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Meaning of life

"The meaning of life is to find your gift. The purpose of life is to give it away." ~ Pablo Picasso

Saturday, October 24, 2009

Spotlight on Cancer - Part 1

Dead Man Talking
By Brian N. Walin

After living with my cancer for many years now, I have met several cancer patients along the way. Most have some other type of cancer. Only a few have the same, rare tongue cancer that I do.

What makes this story so difficult to write is the fact that most tongue cancer patients I have met along my journey are no longer with us. Squamous carcinoma of the oral cavity is responsible. This is an extremely aggressive cancer that leaves the recipient with a 50/50 chance to live five years, after being diagnosed. If it has infiltrated the lymphatic system, it can further worsen those odds by an additional 25%.

In 2007, after being diagnosed myself, I began to aggressively fight back. I underwent several operations to remove the Stage IV venomous growth along my left lateral tongue and the floor of my mouth. Cancerous lymph nodes were excavated from my neck. An uncomfortable tracheotomy allowed me to breath. The corners of my mouth were filleted open to allow access to the project within.

Body parts were rearranged: a skin graph from my thigh covered the hole that was left after removing a skin flap from my forearm that was then used to fashion a new tongue. Dangerous radiation and cancer killing chemotherapy followed…more invasive surgery to my oral cavity and a two and a half year engagement with a life sustaining feeding tube protruding from my belly.

After months of speech therapy, mouth and tongue exercises, food modification, depression, and mounds of mind-numbing medication, I’m exhausted. I’m still alive, winning my battle, and eating some solid foods, but always concerned cancer will strike again and I will repeat this dance anew.

The clock is ticking. Half of my time here is gone, according to statistics, yet I am still cancer-free. In my mind I fear the evil will return. I think that is a fear all healthy survivors have. You live day to day with that cancer cloud looming overhead. I’m free, but am I really?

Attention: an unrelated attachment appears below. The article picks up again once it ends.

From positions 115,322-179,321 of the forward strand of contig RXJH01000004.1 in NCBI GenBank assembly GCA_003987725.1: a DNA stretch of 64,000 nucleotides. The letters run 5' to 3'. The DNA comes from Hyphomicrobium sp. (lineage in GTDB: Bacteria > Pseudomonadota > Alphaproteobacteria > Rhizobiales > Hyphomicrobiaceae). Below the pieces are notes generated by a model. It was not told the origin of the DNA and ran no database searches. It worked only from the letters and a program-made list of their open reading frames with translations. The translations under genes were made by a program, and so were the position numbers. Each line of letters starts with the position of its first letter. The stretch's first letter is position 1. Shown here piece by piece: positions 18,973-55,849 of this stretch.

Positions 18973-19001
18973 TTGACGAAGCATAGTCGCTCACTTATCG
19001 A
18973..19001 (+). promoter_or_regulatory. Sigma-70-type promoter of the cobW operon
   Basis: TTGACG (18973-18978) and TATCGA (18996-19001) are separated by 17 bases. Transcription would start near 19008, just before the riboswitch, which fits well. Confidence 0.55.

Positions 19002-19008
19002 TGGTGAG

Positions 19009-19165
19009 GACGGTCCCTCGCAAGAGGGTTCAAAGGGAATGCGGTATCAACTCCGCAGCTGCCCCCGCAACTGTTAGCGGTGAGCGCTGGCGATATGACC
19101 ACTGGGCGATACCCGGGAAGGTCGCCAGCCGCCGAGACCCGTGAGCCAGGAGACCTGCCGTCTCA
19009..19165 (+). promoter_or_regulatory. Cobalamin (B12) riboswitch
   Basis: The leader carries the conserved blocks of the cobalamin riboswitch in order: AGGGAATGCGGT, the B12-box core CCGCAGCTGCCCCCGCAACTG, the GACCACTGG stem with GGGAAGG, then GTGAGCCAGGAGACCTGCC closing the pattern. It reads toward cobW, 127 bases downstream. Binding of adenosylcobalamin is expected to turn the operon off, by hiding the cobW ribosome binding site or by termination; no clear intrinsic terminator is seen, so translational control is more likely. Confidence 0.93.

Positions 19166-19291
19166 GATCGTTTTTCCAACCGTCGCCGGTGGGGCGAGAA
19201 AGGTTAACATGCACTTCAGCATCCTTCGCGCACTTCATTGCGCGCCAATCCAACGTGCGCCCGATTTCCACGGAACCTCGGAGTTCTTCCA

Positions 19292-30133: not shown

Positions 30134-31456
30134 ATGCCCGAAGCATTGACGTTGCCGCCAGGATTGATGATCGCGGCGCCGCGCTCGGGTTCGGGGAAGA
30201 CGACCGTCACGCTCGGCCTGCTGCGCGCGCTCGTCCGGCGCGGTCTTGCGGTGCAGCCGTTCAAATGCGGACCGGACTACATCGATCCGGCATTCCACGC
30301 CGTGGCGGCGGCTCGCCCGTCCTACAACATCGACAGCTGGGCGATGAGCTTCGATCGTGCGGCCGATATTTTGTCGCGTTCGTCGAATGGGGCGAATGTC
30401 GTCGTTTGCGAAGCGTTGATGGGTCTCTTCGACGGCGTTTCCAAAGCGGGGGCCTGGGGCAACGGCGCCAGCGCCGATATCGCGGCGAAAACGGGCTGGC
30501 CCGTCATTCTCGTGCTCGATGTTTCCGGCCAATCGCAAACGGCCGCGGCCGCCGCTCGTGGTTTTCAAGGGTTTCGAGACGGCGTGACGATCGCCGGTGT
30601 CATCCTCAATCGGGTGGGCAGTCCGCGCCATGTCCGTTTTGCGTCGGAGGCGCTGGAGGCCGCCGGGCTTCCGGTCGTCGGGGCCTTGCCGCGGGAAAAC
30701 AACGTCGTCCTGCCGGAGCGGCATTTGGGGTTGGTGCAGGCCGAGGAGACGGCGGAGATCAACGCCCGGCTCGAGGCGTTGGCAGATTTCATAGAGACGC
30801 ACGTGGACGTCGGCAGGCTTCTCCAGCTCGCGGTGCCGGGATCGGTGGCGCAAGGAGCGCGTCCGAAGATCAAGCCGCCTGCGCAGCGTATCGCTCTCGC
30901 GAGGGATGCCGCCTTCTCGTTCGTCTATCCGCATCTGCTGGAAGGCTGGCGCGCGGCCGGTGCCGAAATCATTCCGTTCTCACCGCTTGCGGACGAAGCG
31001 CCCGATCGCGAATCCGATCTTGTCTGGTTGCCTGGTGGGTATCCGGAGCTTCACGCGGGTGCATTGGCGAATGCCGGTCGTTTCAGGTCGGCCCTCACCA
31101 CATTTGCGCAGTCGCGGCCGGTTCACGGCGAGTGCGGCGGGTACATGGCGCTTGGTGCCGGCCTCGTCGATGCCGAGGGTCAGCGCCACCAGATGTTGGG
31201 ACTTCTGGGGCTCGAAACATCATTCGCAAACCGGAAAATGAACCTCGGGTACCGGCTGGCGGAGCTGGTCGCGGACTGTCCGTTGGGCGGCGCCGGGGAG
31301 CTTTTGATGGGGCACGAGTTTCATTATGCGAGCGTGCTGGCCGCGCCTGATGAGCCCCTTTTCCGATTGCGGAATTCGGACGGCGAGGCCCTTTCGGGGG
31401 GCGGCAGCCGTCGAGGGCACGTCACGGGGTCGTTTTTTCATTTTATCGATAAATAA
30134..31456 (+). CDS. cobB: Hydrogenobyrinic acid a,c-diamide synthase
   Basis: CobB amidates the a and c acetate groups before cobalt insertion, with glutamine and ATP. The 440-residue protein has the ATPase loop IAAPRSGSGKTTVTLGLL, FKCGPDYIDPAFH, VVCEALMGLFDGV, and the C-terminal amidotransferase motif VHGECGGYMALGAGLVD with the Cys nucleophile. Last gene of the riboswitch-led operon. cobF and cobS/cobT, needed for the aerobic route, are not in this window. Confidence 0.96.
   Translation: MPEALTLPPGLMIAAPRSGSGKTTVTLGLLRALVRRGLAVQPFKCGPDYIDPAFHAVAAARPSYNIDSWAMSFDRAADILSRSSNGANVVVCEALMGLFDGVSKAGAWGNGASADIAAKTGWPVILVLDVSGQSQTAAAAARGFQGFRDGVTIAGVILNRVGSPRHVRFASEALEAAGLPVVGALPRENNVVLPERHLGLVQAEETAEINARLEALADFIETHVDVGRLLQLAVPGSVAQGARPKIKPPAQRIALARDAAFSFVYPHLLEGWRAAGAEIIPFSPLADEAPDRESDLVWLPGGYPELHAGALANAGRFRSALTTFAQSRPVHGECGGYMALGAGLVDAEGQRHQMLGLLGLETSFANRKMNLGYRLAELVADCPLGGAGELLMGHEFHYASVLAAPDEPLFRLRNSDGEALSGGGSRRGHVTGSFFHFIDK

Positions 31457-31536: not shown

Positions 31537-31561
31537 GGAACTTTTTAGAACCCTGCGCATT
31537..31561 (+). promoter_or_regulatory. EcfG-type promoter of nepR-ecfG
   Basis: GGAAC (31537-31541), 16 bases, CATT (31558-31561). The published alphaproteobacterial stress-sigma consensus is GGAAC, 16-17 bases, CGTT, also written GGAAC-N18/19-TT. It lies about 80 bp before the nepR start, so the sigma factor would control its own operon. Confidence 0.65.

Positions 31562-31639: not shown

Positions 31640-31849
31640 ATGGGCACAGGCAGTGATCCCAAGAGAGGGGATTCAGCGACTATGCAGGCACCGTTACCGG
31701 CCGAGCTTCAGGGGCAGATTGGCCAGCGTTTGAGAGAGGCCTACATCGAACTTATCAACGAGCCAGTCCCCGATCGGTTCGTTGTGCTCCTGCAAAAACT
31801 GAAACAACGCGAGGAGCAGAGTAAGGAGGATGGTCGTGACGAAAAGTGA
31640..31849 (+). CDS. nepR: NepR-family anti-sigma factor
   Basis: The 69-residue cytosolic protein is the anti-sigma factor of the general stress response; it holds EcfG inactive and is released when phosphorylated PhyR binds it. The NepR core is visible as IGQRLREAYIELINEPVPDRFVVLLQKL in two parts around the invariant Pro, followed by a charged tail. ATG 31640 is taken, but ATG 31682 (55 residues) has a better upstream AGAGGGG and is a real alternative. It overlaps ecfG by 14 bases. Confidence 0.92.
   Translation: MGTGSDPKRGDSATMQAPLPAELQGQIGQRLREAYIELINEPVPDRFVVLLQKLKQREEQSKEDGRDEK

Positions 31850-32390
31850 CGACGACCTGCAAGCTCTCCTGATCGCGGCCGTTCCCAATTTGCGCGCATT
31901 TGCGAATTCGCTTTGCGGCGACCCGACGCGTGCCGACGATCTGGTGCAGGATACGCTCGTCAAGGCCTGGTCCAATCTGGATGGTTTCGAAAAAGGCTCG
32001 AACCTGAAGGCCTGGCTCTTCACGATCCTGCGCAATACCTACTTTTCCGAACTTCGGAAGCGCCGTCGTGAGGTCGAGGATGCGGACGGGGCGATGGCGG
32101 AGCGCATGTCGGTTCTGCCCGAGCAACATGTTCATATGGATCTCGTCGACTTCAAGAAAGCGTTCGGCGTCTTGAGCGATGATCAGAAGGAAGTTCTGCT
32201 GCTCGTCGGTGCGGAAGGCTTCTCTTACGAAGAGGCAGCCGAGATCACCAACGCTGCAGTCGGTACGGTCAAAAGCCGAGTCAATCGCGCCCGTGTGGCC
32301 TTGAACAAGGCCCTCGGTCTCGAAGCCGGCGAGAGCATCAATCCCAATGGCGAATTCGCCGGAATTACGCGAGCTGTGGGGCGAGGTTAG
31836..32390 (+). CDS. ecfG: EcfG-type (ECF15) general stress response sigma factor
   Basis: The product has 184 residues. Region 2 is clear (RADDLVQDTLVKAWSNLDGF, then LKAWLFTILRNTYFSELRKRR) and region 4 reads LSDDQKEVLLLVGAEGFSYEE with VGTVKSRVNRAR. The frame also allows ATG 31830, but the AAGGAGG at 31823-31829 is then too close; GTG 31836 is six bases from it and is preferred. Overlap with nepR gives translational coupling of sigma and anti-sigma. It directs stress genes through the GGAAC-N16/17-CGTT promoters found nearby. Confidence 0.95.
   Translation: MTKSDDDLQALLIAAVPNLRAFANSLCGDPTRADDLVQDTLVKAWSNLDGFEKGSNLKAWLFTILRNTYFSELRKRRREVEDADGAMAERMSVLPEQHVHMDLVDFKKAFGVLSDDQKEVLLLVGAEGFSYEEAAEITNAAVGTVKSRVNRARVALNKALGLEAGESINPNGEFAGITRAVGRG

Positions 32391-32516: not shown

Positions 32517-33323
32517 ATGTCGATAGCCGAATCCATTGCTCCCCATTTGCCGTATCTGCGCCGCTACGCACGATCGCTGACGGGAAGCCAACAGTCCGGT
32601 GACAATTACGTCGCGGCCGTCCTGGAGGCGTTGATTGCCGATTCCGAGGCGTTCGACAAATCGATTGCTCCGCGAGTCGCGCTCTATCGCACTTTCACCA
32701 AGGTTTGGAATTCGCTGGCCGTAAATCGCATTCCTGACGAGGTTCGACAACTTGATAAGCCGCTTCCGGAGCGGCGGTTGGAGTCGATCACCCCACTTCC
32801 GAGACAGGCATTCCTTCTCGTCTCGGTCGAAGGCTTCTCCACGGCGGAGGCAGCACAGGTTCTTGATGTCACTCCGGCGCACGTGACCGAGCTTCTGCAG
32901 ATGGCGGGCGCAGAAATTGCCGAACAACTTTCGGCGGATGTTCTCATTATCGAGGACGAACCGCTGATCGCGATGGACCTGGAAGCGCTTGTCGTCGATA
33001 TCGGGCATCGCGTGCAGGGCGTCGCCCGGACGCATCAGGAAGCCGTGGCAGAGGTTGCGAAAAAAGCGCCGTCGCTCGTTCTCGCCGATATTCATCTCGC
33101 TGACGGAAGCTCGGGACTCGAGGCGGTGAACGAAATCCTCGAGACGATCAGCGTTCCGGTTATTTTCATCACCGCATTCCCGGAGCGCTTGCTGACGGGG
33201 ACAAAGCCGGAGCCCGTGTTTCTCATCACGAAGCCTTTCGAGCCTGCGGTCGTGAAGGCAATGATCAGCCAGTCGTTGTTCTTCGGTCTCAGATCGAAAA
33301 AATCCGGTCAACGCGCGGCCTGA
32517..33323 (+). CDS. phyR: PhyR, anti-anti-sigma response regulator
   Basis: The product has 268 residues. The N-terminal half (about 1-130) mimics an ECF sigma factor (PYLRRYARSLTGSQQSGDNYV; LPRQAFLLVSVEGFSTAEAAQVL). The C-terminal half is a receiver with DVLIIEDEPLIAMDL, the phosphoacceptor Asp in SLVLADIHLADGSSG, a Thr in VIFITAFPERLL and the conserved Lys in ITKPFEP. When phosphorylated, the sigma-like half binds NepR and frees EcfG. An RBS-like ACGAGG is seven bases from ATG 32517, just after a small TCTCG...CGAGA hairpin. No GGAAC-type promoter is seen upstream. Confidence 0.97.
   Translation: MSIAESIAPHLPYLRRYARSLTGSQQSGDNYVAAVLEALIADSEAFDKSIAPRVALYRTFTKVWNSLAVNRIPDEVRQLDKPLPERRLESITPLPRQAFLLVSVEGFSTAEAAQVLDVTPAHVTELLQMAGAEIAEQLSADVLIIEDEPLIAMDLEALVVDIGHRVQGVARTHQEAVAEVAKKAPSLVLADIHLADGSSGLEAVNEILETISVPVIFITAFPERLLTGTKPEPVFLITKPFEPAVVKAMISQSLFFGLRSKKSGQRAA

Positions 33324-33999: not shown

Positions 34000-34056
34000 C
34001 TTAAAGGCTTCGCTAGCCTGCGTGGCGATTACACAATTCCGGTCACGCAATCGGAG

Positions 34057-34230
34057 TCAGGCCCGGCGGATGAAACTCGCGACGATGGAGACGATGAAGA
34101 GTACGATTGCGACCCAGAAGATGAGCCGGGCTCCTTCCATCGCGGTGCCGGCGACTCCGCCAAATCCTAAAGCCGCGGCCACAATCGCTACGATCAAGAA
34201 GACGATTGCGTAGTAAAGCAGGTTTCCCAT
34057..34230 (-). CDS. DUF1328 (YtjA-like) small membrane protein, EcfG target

Every time I lose a fellow tongue cancer patient, it’s a staggering blow that brings me front and center to the harsh realities of this dreaded disease. I personally don’t have an issue with dying. I’ve faced that road before. It’s the suffering, pain, and overall loss of the quality of life that goes along with continual treatment that is an issue for me. Horrifically, “life altering” does not begin to describe the reality of the situation.

Many friends and family members of cancer patients ask themselves, “What do I say at a time like this? How do I react? What can I do?” or even, “Why?” as they watch their loved ones suffer a slow, agonizing defeat.

First, let me go on record to say there is no answer to, “Why?” It is what it is! It isn’t anybody’s fault. It’s not a punishment, nor is it anything you have total control over. For those of you with controlling personalities such as myself, let this one go!

Having been close to death a few times now, I feel I can give advice as to how you should treat a cancer patient. Just treat us as you always have. No matter how bad we look or how weak we are, we want life to be as normal as possible. Save the tears, we don’t need them. Jokes are a good thing, laughter is best. Reminisce about the good times, and hugs are always welcome, if not longed for.

We are no different with or without cancer, even if we have no hair! Be honest with us and yourself. We know our odds aren’t good. Don’t make things worse by throwing a pity party. Now is not the time to hide from the truth. While life hangs in the balance, emotions are raw. Don’t say or do things YOU might regret later AND say all the things you wish to say, before we are gone. We need to hear them now.

We need a caregiver and patient advocate who is strong and caring and understanding of OUR wishes and not those you think we want. If others object to the plan in motion, remind yourself, these are our wishes, not theirs. This could be our finale, our last goodnight, and therefore needs to be our choice how things should be managed.

Personally, I don’t like to be fussed over. I prefer to do as much as possible for myself, even if it appears I’m struggling. I will let you know when I need help. I need that independence to get my strength back. If I let you do too much, it’s like saying, “I give up!” which is never a good thing. I think it’s essential for a cancer patient to remain emotionally strong and independent to survive, if not be down right stubborn.